Chaz

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  6. This is plain old fashioned stupid.

    I’m amazed at the number of people that are living together under “common law.” I know people that have been living together, have bought homes together and have multiple children together, but when you talk about marriage to them, they say, “We’re not ready for that kind of commitment.”

    I just think they’re crazy.

    If you want to stick around and play at marriage and pretend you have rights, then play at being divorced and pretend money goes to your bank account every month.

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  7. Great comment Garland!

    I too know people who have been together many years (over 10) and when you ask why they aren’t married they say they aren’t ready for that kind of commitment. You mean you have children with someone, buy a home with them, share expenses and you don’t think that is commitment.

    I think for many people they think that getting married will change things. But if you are living as married couple, why not be married?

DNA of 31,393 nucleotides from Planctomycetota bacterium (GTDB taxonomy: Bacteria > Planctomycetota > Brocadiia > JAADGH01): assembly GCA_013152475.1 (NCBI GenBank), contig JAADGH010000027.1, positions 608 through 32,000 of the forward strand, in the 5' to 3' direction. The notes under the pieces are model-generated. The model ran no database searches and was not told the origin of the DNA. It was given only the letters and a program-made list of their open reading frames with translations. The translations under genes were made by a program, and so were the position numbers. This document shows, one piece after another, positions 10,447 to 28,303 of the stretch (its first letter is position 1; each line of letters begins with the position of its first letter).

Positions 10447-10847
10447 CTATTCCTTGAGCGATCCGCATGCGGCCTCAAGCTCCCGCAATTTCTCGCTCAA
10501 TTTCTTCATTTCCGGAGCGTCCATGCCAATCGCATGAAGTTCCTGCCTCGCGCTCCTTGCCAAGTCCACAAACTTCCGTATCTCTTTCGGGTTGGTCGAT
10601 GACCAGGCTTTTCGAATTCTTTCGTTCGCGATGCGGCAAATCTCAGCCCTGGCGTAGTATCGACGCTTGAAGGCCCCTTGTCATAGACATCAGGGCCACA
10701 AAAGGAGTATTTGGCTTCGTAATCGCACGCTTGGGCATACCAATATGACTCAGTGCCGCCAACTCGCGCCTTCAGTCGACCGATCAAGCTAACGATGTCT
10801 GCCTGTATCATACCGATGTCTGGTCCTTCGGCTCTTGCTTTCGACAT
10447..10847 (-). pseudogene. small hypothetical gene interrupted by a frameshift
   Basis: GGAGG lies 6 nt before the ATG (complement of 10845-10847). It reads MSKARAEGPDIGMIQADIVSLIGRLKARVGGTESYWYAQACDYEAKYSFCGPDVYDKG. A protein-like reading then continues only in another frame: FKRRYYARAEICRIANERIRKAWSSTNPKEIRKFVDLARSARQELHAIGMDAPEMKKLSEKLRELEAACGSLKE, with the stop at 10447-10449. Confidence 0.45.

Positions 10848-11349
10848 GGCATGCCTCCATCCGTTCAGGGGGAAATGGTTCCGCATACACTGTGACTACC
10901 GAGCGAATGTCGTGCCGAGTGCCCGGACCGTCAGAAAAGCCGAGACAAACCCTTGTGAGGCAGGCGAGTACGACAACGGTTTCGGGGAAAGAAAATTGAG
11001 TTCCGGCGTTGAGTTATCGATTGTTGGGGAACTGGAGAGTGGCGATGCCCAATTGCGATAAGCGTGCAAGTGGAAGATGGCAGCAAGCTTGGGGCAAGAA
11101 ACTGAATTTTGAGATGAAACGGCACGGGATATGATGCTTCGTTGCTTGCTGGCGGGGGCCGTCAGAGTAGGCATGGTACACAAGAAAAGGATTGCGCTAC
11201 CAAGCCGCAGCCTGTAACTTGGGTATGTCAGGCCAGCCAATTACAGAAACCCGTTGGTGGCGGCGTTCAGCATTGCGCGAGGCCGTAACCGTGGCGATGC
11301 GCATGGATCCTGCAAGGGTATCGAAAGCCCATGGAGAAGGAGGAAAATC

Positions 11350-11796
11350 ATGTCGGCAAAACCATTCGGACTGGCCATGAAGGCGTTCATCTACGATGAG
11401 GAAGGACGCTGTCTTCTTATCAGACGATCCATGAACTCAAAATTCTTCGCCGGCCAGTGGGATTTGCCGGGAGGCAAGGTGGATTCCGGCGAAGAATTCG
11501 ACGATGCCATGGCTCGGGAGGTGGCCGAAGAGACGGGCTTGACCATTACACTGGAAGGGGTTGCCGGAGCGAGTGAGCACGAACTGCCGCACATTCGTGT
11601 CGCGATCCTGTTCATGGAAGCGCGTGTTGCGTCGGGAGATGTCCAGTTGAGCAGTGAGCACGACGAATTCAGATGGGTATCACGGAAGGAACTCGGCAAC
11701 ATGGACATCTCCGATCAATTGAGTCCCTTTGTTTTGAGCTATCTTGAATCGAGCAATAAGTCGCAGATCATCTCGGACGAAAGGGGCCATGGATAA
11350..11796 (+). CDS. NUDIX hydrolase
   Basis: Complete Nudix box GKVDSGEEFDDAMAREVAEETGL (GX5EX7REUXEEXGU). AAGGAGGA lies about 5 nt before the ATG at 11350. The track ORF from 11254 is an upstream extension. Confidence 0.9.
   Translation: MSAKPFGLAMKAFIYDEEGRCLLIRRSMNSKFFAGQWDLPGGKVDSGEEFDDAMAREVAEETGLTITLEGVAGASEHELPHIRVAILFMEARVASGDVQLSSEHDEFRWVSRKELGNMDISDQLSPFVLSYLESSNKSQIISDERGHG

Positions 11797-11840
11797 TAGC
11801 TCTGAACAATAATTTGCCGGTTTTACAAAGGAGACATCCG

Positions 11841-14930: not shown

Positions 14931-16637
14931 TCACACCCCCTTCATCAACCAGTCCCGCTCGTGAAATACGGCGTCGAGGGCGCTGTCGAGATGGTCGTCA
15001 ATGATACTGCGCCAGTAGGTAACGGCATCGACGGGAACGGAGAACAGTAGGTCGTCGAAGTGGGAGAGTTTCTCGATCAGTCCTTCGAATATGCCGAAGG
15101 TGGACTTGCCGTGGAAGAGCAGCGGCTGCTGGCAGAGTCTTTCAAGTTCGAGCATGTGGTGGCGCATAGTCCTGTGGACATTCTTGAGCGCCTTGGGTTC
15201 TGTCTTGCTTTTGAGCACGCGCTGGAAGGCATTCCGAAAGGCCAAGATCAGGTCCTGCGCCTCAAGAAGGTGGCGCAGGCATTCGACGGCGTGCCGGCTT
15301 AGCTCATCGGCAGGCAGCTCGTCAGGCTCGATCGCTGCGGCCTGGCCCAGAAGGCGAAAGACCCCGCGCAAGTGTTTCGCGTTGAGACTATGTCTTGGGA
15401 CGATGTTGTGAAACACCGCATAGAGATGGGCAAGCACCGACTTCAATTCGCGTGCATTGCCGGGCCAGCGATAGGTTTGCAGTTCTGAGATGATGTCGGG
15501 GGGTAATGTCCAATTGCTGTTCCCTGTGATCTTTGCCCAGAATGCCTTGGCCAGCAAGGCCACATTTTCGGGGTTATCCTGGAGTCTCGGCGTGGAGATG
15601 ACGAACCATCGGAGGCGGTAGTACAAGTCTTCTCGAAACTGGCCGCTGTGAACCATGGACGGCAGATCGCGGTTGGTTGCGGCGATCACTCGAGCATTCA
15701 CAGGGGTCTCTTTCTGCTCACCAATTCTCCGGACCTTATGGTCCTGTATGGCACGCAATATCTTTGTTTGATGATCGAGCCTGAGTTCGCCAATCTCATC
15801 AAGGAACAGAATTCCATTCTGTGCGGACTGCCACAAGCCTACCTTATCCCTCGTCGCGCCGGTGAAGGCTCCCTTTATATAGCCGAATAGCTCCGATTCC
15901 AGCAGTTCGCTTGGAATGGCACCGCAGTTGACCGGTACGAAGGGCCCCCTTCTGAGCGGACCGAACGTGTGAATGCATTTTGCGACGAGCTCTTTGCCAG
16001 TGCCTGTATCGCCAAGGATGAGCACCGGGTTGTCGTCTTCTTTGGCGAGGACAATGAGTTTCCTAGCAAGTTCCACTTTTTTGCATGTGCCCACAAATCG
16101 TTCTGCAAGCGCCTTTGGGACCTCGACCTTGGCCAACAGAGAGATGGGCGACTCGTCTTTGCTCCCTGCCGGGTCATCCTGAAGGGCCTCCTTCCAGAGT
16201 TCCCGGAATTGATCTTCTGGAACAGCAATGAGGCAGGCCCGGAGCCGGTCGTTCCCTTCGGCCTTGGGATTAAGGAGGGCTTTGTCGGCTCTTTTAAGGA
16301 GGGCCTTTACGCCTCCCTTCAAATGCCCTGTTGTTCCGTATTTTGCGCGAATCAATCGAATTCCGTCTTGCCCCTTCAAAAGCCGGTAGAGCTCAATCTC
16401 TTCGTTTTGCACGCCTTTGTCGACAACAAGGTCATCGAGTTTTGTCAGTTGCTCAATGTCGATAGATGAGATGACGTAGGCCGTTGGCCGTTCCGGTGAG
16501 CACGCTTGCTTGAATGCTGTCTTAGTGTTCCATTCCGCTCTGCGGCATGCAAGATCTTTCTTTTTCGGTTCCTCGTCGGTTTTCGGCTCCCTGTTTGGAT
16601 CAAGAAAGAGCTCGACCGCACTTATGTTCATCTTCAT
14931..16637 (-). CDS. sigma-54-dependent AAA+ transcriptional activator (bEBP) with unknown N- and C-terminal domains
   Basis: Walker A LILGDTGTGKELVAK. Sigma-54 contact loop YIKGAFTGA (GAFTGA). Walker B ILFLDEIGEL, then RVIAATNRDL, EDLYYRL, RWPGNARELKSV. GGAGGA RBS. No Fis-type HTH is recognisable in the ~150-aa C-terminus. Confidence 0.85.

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  8. Garland….

    Is it not typical of human nature to seek what we want in every situation? If so, it does not surprise me that society has drifted to choices and lifestyles where we seek what we want on our terms (relationship without marriage commitment including kids, homes, etc), and then when it falls apart, we seek further what we want such as spousal support.

    It is just plain old fashioned self-centredness that has existed for centuries. We are simply now in a culture that endorses this behavior. Tolerates it at least. And it appears many of our laws support this kind of behaviour too.

    My first wife was able to walk away from a 12 year marriage with no resistance from our society whatsoever. Caught in the fallout of her selfishness were our three kids. Yet our laws ENTITLED her to spousal support and a generous division of our assets.

    Yes, this is just plain STUPID as you put it. But this is where we have arrived as a culture. So this person’s feeling of entitlement for spousal support from a common law relationship does not surprise me at all.

    These manifestations of selfishness are costing our society billions. And our children are the ones who mainly pay the price. Yet it continues.

    So for me, I will do my best to be the best person I can be in my marriage and with my kids and do my best to influence who I can.

    Ciao.

    Chaz